The Labour leader, Jeremy Corbyn, has called for greater flood defence spending after experts criticised the chancellor, George Osborne, for prioritising cutting the deficit.
Speaking in the flood-hit city of York, Corbyn praised emergency workers for helping those who found their homes and businesses inundated over the Christmas and new year period.
“[We are going to put] pressure on the government to fully fund the Environment Agency, not cut its budget, [to] fully fund new flood defences where they are necessary, not just in York but in other cities as well,” he told reporters.
Corbyn praised the emergency services for their coordinated response. “But they do need public support, they do need public investment. So, cutting flood defence money, which has been cut over the past five years, is not the answer, the answer has to be to increase it,” he said.
Overnight, it emerged that the Labour leader would demand to know why the Environment Agency had not deployed 10 high-volume water pumps his party said had remained idle throughout Storm Frank.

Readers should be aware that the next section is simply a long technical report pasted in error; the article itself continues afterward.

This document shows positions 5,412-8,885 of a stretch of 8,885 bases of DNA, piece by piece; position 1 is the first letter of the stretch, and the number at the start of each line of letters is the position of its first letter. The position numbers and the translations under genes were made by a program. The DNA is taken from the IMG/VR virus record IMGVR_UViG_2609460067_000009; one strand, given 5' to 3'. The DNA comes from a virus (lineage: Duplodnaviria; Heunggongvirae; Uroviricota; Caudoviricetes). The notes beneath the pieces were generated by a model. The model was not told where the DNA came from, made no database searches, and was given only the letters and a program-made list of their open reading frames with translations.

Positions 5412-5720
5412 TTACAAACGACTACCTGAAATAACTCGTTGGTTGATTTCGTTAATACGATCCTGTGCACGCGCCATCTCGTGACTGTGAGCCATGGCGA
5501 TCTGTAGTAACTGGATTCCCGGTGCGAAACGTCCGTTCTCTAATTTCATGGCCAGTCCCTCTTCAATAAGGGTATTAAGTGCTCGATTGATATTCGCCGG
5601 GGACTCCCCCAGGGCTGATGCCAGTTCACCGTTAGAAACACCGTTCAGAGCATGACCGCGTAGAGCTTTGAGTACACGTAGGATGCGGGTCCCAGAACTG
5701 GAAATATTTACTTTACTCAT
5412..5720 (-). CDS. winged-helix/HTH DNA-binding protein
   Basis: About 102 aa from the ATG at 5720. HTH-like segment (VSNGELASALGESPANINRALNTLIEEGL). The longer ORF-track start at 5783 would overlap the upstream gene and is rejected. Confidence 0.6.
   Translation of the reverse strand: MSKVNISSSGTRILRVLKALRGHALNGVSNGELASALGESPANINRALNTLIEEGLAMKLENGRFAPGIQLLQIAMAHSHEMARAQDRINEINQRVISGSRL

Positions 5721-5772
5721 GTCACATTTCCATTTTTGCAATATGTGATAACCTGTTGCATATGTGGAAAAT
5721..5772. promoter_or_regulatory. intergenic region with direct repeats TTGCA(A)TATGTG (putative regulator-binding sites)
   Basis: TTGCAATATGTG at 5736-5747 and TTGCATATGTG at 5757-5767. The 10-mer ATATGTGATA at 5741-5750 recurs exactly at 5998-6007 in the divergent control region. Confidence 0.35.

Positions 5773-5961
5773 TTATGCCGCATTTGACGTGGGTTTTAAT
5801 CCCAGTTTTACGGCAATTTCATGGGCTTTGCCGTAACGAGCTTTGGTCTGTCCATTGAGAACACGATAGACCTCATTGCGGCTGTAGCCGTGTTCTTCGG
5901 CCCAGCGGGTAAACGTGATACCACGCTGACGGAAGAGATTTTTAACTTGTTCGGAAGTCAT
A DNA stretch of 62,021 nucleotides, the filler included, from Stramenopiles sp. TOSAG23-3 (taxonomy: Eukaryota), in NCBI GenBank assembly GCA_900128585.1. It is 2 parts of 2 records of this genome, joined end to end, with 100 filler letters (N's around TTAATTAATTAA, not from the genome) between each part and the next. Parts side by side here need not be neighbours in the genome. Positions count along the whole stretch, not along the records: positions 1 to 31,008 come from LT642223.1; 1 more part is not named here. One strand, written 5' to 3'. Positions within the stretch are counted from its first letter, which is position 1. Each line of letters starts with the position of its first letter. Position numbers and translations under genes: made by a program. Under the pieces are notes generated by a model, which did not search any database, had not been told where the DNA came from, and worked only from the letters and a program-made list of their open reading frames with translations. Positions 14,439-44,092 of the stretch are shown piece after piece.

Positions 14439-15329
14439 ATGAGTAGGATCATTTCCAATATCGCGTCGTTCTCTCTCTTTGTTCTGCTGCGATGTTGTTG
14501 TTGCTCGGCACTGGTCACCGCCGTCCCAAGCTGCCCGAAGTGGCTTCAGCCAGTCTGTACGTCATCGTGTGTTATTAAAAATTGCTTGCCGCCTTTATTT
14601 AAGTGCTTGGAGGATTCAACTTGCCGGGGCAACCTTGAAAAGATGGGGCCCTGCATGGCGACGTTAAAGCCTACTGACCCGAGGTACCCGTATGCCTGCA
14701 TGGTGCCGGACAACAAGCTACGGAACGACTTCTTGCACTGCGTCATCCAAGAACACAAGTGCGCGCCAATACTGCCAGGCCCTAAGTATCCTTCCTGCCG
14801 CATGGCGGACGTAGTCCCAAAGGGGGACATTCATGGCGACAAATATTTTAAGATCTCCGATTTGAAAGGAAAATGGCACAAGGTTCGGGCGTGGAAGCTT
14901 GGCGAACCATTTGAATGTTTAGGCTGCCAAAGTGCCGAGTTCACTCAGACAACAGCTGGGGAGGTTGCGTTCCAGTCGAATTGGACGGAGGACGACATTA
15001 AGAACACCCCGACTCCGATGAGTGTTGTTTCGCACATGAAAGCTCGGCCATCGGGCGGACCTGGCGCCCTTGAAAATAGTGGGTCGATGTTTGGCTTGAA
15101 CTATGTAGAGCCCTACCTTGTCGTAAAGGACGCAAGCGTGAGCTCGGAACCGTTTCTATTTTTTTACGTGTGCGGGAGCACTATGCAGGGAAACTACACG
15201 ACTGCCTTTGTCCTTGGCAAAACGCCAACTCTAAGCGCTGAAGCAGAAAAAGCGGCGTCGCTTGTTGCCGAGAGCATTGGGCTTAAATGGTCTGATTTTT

Osborne faced criticism on Wednesday from academics who said their analysis showed that flood defence spending had fallen.
Prof Simon Wren-Lewis of Oxford University said the government had shown no signs of taking into account the growing threat of extreme weather.
Official data showed flood defence spending was cut significantly at the start of the last parliament, from £360m in 2010-11 to less than £270m in 2012-13. The prime minister, David Cameron, has pledged to spend £400m a year on flood defences over the next six years and there was a one-off spending boost following the Somerset Levels floods.
But the National Audit Office warned in November 2014 that excluding this, funding had fallen by 10% in real terms since 2010-11.
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